Three months after the fall of Mosul (Nineveh) to ISIS, and a visit to the region, we started The Cradle Fund at IGE: we work to rescue, restore, and return Middle Eastern Christians and other religious and ethnic groups to a home where they can live and practice their faith free from fear. We have learned much as we have tried to help. It is the most complex situation I’ve ever seen, and yet it is the most simple.
For example, in December of 2014, I met Sarah. She was 95 years old, living with five other families in the upstairs “rec room” of the Assyrian Youth Center in Erbil. She had fled ISIS with her neighbors. She was just 30 miles from her ISIS-occupied home. And now her home was a 3’x8’ space with no privacy. I couldn’t help but kiss her as she told me: “I didn’t want to be here at this age. I want to be in my home.” She went home to the Lord, three months later.
The resilience of the people continues to astound me. On one of my first trips, I handed out a food package to a man named Sadik at a sports center in Dohuk (in northern Iraq). I then walked through the center, eventually making my way to the basement, where I met him again, along with his family. They invited me into their corner of the basement for lunch, serving the food that I had given them!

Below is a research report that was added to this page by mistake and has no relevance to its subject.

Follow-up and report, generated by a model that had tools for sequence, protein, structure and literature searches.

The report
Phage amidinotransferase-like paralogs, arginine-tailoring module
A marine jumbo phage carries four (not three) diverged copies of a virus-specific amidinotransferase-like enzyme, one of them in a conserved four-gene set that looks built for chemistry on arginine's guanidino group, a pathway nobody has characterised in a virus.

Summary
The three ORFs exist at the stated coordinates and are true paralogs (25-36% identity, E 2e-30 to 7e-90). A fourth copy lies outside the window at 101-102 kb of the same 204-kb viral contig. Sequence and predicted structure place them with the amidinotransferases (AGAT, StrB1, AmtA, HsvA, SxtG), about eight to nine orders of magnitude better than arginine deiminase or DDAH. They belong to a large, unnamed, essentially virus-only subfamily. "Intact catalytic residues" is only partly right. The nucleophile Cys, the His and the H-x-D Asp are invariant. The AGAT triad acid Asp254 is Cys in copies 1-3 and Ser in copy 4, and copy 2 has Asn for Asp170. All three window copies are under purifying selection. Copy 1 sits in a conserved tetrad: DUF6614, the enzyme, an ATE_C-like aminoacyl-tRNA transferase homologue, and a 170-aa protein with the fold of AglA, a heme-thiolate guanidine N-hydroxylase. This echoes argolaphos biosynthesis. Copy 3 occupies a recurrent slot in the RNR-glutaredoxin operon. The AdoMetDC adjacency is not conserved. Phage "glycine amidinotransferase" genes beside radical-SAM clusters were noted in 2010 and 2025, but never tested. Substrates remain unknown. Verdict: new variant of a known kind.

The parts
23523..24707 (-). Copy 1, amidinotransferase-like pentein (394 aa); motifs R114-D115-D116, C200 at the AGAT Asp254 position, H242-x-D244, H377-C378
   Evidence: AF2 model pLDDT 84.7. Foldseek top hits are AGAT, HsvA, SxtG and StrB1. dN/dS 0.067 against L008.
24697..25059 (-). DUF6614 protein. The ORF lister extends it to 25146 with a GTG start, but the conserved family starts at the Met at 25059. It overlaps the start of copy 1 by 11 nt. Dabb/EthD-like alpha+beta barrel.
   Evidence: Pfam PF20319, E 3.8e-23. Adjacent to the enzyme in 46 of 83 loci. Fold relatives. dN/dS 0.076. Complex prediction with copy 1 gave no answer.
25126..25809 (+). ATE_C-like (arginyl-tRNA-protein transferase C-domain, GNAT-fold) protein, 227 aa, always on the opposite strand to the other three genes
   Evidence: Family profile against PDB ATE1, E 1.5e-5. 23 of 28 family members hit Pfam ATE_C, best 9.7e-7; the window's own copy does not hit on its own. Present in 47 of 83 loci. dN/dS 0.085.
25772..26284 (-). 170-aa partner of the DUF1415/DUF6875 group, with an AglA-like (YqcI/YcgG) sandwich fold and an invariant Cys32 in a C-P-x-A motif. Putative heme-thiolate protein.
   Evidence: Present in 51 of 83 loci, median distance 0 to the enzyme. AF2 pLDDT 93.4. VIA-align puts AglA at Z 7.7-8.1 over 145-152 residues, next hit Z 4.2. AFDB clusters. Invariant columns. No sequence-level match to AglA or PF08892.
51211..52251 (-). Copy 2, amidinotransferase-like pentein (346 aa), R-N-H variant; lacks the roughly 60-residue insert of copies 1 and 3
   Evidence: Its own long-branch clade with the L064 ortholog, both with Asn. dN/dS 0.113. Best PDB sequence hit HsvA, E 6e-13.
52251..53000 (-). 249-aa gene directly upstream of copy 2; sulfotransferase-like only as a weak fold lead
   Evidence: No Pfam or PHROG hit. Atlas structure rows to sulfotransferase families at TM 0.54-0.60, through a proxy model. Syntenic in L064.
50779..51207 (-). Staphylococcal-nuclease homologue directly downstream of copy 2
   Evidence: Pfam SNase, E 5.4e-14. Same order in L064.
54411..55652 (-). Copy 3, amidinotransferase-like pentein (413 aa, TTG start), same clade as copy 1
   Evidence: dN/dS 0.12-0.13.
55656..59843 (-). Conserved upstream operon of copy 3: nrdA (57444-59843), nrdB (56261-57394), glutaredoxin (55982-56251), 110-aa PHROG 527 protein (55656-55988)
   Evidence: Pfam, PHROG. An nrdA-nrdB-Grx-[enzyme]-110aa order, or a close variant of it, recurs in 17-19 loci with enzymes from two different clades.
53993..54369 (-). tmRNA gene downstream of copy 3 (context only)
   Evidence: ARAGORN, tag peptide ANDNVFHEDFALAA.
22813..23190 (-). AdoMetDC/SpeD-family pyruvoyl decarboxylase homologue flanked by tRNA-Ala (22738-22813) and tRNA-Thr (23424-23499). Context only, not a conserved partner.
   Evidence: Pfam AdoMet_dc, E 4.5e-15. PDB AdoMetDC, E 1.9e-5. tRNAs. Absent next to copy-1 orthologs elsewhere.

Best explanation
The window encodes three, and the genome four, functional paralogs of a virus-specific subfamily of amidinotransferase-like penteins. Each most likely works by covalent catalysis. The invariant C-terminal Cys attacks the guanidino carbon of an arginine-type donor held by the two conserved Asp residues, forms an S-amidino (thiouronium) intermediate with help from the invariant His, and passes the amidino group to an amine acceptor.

I asked him to tell me his story. Sadik shared that he was ethnically a Turkmen of the Shia tradition in Islam. When ISIS came to his town—killing everyone who did not believe according to their version of Sunni Islam—they fled. He had an opportunity to flee further to southern Iraq, where Shia believers are the majority. But he stayed because he was a teacher. I asked about his students, and he told me that they were all of the Yezidi religion, and that he had not been paid in months but he still felt obliged to teach them. Just amazing.
One of our best partners—we always work through local partners who know the situation and the needs better than we ever will—are the Dominican Sisters in Erbil. They themselves fled ISIS, but now they serve all those who fled ISIS. They are the suffering Church serving all those who suffer. I love them so much: Sisters Maria, Diana, and Ban. They are the hands of Christ amidst the persecution.
Anyway, when I was diagnosed with Stage IIIc metastatic melanoma cancer over Thanksgiving, I let them know that I might not be able to visit with them for some time. (I went to Erbil six times between October 2014 and October 2015, always visiting them and their incredible work.) And you know what they did? They asked for permission to let all the children at one of the schools we helped support pray for me every Saturday morning!
Like Sadik, they have nothing, yet they are focused on loving their neighbor. It is impossible not to be attracted to the simplicity of such love. And to believe in the power of that love if given a chance to serve.